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Re: How include a large array?

 
 
James Kuyper
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      04-03-2013
On 04/03/2013 10:53 AM, http://www.velocityreviews.com/forums/(E-Mail Removed) wrote:
> Hi,
> i have this problem: i want to create a large array data that can be portable and so included in multiple files. I thought about an "array.c" file that can be included in test file with an include like this:
> #include "array.c"
> The compiler gives me an error:why?
> I thought about an "array.h" file, but i can't put an instance (in this case the data array) in an header file...or not?
> How can i do?


The C language places no special restrictions on the contents or naming
conventions for header files. How you partition your code between the
header files and the main program files is entirely up to you. How you
name your header files is little more restricted - an implementation is
allowed to impose it's own conventions on such things, and might give
special recognition to files named with extensions of .h or .c. I
haven't seen a compiler that refused to #include files that didn't end
with ".h". However, I have seen text editors that went into special
display modes for C code, but only if it occurred in a *.h or *.c file.

However, here's some advice:
Follow the naming conventions, even though they are just conventions. It
doesn't cost you anything, and it will make your life as a programmer
easier.

The purpose of a header file is to be #included into another file. But
if you're going to do that, why not put the code from your header file
directly into the other file, in place of the #include statement?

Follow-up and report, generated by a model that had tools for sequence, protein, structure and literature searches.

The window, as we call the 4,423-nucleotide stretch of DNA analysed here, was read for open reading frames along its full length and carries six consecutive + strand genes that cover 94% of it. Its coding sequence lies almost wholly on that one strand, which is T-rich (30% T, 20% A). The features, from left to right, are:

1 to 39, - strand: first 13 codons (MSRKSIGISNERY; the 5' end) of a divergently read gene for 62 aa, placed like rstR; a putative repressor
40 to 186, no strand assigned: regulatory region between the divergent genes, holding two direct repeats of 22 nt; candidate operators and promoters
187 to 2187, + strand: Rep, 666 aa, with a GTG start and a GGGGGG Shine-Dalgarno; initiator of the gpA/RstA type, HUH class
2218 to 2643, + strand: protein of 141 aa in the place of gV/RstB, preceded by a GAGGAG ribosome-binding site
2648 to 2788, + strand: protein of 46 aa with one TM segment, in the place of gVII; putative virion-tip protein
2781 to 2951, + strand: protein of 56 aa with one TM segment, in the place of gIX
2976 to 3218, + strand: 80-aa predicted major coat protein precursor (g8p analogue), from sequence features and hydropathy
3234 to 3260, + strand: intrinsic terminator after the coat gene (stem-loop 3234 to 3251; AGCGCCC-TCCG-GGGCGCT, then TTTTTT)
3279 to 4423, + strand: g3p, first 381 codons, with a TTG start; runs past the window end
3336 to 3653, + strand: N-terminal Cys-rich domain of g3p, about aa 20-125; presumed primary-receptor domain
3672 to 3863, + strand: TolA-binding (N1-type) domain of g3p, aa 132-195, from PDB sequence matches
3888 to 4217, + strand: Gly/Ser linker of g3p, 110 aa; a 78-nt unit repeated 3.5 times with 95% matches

There's one very good reason for doing so: if you want to include the
same code into multiple different files. This is an excellent idea for
typedefs, struct, union, or enumeration declarations, macro definitions,
"extern" declarations of objects with external linkage, function
prototypes, and inline function definitions, all of which you might want
to be exactly the same in multiple different files. Writing them once in
a header file, and #including them where needed, ensures that the code
is exactly the same.

You should NOT use a header for the definition of an array with external
linkage. That would create multiple definitions of the array, which
would give your program undefined behavior. Just create a *.c file
containing the array definition, and link itin with your other source
code files. Create a separate *.h file containing a declaration of the
array using the 'extern' keyword. #include that header in each file that
needs access to the array, and also in the file that defines the array
(to ensure that the declaration of the array and the definition of the
array are compatible with each other).

You could use a header to create an array with internal linkage, by
using the static keyword. However, that would create a separate copy of
the array in each part of the program where it was #included. That's not
a constraint violation, but it generally still not a good idea,
particularly if it's a "large" array.
--
James Kuyper
 
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